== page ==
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AXYS WindSentinel

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The WindSentinel concluded a two-month trial on Lake Michigan in December, weathering waves of 25 feet and high winds.


Offshore wind energy right for Great Lakes? Picture becoming clearer

by Rory Keane
Jan 11, 2012


Mich Offshore Wind 80 m

Photo courtesy of National Renewable Energy Laboratory

US windmap 80 m

Photo courtesy of National Renewable Energy Laboratory

A map showing wind speeds above the United States. Data for wind speeds on the Great Lakes are conspiciously absent.  

Scientists in Michigan reeled in an impressive catch last month—a seven-ton floating laboratory that weathered a two-month trial on Lake Michigan to inform researchers about the potential to power wind energy installations offshore.

“Beyond the potentials of assessing offshore winds on the Great Lakes it has tremendous scientific potential,” said Guy Meadows, professor of Atmospheric, Oceanic, and Space Sciences at University of Michigan’s College of Engineering in Ann Arbor, Mich.

He pointed to the practical applications of accurate wind measurements taken on the lake’s surface, an area of relative uncertainty in meteorology that interests everyone from boaters to energy companies.

“The atmosphere over the lake is very different than atmosphere over land.There’s no good way to measure that,” Meadows added.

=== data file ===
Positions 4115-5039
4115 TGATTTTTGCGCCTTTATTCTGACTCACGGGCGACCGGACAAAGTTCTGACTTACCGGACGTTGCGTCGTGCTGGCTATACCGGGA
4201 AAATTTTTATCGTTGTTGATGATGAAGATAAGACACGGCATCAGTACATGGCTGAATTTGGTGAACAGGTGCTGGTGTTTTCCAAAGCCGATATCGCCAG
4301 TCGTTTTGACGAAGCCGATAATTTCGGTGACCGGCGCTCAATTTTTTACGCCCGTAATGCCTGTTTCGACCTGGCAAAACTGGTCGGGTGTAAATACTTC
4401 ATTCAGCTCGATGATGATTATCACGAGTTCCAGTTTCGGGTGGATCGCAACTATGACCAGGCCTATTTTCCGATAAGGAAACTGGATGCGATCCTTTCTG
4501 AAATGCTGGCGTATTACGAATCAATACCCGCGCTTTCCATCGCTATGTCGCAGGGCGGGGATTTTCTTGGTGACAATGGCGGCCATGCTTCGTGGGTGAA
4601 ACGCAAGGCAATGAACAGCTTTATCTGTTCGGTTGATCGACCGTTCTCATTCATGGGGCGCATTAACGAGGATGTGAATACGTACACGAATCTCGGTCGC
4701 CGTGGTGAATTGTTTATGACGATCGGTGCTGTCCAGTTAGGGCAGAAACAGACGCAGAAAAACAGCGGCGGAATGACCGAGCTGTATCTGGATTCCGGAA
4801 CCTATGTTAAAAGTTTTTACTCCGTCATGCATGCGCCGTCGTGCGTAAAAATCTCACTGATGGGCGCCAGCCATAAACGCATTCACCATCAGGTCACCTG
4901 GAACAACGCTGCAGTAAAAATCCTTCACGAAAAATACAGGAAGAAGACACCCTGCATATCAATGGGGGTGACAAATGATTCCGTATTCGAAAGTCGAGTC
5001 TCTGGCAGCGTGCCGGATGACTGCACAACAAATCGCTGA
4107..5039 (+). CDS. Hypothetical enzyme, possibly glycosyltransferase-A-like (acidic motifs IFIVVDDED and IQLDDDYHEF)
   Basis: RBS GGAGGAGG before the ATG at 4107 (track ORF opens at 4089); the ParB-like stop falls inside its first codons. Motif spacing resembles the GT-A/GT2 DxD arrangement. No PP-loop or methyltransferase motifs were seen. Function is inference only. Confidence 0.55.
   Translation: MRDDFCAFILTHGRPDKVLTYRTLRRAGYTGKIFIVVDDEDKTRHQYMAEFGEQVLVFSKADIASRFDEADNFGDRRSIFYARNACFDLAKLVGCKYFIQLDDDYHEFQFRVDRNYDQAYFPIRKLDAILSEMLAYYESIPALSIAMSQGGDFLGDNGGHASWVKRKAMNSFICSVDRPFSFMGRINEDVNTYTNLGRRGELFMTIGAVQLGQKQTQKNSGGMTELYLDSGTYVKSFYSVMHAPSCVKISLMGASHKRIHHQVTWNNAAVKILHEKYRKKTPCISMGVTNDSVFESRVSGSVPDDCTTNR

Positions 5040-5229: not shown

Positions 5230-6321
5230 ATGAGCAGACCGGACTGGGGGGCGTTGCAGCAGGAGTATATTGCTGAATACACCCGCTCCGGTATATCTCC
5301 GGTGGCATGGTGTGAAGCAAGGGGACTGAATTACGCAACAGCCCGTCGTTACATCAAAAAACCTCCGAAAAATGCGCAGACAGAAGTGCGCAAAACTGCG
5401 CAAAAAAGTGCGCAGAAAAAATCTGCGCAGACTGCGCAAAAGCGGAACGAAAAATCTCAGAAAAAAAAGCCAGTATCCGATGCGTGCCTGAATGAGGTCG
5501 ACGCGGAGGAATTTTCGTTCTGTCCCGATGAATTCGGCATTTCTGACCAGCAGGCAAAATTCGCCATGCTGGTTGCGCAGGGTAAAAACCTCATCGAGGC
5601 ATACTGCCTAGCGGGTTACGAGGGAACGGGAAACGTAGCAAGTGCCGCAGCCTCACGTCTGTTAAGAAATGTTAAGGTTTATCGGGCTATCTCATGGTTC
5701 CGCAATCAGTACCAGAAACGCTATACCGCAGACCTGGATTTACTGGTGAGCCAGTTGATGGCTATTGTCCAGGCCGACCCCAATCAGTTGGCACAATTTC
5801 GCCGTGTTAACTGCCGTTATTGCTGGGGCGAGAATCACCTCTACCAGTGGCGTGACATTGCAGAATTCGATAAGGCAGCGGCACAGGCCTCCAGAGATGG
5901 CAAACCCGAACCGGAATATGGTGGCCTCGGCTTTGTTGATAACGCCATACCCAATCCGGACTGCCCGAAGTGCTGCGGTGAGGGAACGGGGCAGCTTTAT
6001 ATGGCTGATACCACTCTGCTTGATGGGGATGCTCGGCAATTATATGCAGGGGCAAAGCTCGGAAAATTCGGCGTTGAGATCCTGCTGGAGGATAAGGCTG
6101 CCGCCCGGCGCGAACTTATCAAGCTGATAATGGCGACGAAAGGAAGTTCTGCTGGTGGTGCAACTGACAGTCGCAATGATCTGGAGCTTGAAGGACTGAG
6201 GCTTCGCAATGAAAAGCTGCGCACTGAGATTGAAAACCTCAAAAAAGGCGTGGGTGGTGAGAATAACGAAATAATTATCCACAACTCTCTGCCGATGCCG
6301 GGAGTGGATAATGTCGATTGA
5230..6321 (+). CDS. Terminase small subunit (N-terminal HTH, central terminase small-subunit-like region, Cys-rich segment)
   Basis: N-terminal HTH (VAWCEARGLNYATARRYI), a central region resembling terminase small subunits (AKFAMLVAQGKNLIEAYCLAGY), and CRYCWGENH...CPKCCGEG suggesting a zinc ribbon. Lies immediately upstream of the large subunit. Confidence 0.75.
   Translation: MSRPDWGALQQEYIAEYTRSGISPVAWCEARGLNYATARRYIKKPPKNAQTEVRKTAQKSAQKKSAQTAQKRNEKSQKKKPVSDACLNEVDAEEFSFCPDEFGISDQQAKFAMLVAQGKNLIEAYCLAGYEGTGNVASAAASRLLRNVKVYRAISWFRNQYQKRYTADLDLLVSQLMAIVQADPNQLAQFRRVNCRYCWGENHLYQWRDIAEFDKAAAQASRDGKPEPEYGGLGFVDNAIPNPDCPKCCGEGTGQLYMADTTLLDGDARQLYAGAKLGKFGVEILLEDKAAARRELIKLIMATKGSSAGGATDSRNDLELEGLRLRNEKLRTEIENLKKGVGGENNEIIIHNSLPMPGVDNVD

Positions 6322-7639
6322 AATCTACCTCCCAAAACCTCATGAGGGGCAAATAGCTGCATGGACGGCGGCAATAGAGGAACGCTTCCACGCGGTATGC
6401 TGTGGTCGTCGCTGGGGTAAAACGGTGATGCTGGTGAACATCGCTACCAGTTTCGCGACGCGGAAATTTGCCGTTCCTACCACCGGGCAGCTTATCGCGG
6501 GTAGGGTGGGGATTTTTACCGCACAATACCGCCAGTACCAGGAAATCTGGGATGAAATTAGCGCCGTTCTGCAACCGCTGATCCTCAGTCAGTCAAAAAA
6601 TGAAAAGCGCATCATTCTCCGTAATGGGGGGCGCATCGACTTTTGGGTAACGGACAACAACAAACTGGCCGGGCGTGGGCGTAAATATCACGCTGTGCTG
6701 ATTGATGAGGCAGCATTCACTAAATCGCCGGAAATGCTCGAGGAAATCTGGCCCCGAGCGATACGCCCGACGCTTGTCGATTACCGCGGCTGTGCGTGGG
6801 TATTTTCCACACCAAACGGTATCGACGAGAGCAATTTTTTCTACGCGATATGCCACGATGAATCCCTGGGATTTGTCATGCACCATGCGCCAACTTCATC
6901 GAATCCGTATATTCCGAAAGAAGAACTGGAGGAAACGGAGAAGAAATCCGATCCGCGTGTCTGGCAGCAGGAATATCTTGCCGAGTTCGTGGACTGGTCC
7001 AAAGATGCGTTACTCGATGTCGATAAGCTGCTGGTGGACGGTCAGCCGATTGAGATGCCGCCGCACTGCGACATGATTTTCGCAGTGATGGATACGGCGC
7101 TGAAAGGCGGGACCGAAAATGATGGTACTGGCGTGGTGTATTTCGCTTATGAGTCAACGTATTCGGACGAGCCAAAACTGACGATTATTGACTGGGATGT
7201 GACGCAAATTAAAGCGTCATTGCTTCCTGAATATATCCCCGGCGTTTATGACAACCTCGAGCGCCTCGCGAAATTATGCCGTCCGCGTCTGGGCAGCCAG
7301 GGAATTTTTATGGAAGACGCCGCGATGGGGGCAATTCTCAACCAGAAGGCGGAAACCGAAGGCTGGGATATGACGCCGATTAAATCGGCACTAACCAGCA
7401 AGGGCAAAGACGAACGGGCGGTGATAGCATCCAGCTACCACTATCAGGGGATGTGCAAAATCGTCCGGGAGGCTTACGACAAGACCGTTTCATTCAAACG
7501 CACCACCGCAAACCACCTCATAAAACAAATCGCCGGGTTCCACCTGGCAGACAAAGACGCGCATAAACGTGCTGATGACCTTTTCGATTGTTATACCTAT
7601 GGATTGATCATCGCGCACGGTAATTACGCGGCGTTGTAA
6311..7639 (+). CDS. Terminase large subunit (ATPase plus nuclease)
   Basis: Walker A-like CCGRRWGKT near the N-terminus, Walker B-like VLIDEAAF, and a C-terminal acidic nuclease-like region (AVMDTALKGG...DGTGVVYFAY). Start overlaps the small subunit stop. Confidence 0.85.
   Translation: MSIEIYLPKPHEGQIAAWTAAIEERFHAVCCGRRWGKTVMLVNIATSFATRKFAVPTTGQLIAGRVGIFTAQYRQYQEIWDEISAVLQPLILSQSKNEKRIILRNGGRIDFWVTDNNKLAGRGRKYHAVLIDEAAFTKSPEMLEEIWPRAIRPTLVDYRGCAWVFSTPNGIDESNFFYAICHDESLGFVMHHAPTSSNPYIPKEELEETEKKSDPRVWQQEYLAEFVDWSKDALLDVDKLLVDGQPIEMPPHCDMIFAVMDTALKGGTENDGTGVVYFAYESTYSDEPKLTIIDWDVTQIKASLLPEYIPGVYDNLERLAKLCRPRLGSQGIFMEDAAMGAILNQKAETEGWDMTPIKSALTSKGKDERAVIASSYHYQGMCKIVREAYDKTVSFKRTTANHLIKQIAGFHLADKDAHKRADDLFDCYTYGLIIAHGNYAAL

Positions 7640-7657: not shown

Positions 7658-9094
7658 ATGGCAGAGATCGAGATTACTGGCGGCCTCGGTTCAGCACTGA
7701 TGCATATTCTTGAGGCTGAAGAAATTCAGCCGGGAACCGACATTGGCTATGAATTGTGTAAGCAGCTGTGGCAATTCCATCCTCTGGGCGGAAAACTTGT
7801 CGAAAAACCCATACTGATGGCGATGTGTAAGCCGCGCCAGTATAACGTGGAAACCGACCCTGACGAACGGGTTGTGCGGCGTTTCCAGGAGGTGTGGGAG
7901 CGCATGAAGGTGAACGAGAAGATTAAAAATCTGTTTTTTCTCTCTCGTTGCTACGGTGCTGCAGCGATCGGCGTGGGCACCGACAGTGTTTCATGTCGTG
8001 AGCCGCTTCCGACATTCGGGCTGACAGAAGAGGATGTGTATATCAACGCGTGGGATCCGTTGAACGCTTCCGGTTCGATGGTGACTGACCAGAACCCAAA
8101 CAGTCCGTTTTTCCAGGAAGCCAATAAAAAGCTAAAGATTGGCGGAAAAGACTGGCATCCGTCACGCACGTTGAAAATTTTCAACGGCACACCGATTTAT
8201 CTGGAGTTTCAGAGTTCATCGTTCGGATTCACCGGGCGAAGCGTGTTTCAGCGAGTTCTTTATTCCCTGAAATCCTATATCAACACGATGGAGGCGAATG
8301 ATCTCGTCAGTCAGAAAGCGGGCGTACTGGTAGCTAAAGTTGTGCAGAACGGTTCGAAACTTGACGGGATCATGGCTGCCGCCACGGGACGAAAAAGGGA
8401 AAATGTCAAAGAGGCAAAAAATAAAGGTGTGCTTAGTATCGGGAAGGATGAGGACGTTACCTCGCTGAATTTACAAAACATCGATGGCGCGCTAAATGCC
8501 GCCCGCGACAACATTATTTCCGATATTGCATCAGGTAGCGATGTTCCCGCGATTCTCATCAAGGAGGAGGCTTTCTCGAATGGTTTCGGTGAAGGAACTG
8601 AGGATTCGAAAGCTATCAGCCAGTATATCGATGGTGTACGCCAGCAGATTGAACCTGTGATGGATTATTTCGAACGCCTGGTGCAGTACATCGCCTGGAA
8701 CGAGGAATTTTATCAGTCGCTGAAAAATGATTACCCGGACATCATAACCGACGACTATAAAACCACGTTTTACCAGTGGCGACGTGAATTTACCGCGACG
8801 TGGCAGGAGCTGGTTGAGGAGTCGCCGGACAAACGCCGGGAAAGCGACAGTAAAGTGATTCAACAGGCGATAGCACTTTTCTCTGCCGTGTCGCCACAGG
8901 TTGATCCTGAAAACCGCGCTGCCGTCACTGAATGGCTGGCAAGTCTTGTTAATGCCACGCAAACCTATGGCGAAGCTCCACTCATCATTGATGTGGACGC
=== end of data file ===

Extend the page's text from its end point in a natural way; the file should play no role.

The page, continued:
The buoy was anchored four miles off the shore of Muskegon, Mich. from October to December 2011, transmitting data to researchers at the Michigan Alternative and Renewable Energy Center via cell phone.

The two-month trial was part of a validation period for the buoy, also known as WindSentinel, and “things are looking pretty good so far,” according to Meadows.

The next deployment will be in March, venturing farther out into the middle of Lake Michigan to measure winds at a height of 200 meters.

The overarching hope for the research will be its application to offshore wind farming.

“The federal government has a five-year commitment to study offshore wind developments,” said Arn Boezaart, one of WindSentinel’s project managers at the center.

That commitment is bolstered by $50.5 million to fund offshore wind opportunities, according to the American Wind Energy Association in Washington, D.C. The pressing question for residents of the Great Lakes region, though, is whether offshore wind farming is a viable solution for their energy needs.

“In today’s dollars there’s no chance anyone wants to do offshore because it’s too cheap to do it on shore,” said Boezaart, pointing to what industry experts speculate could be a threefold to fivefold increase in costs for offshore wind installations.

However, energy groups are still interested in the findings from WindSentinel, because it gives the most unique and specific data available on Lake Michigan’s wind potential, taking measurements at one-second intervals with cutting-edge laser sensors.

“We don’t really know the wind speed conditions,” said Kevin Borgia, public policy manager for Wind on the Wires, a nonprofit based in Chicago. When considering offshore wind energy for the Great Lakes “resource assessment is a vital first step,” Borgia said.

Even if the findings from WindSentinel point to higher, more consistent wind speeds over the lake, there are concerns over the engineering challenges in harvesting that energy.

“In a first time kind of situation there’s a lot of things to be worked through that haven’t been worked through yet,” said Jen Read, executive director of the Great Lakes Observing System in Ann Arbor.

“The lake bed makeup and the depth is another key point,” said Borgia.

Even with all the lingering questions about the future of offshore wind energy in the Great Lakes, researchers like Boezaart remain optimistic.

“Will that data be used five years from now? I really think so.”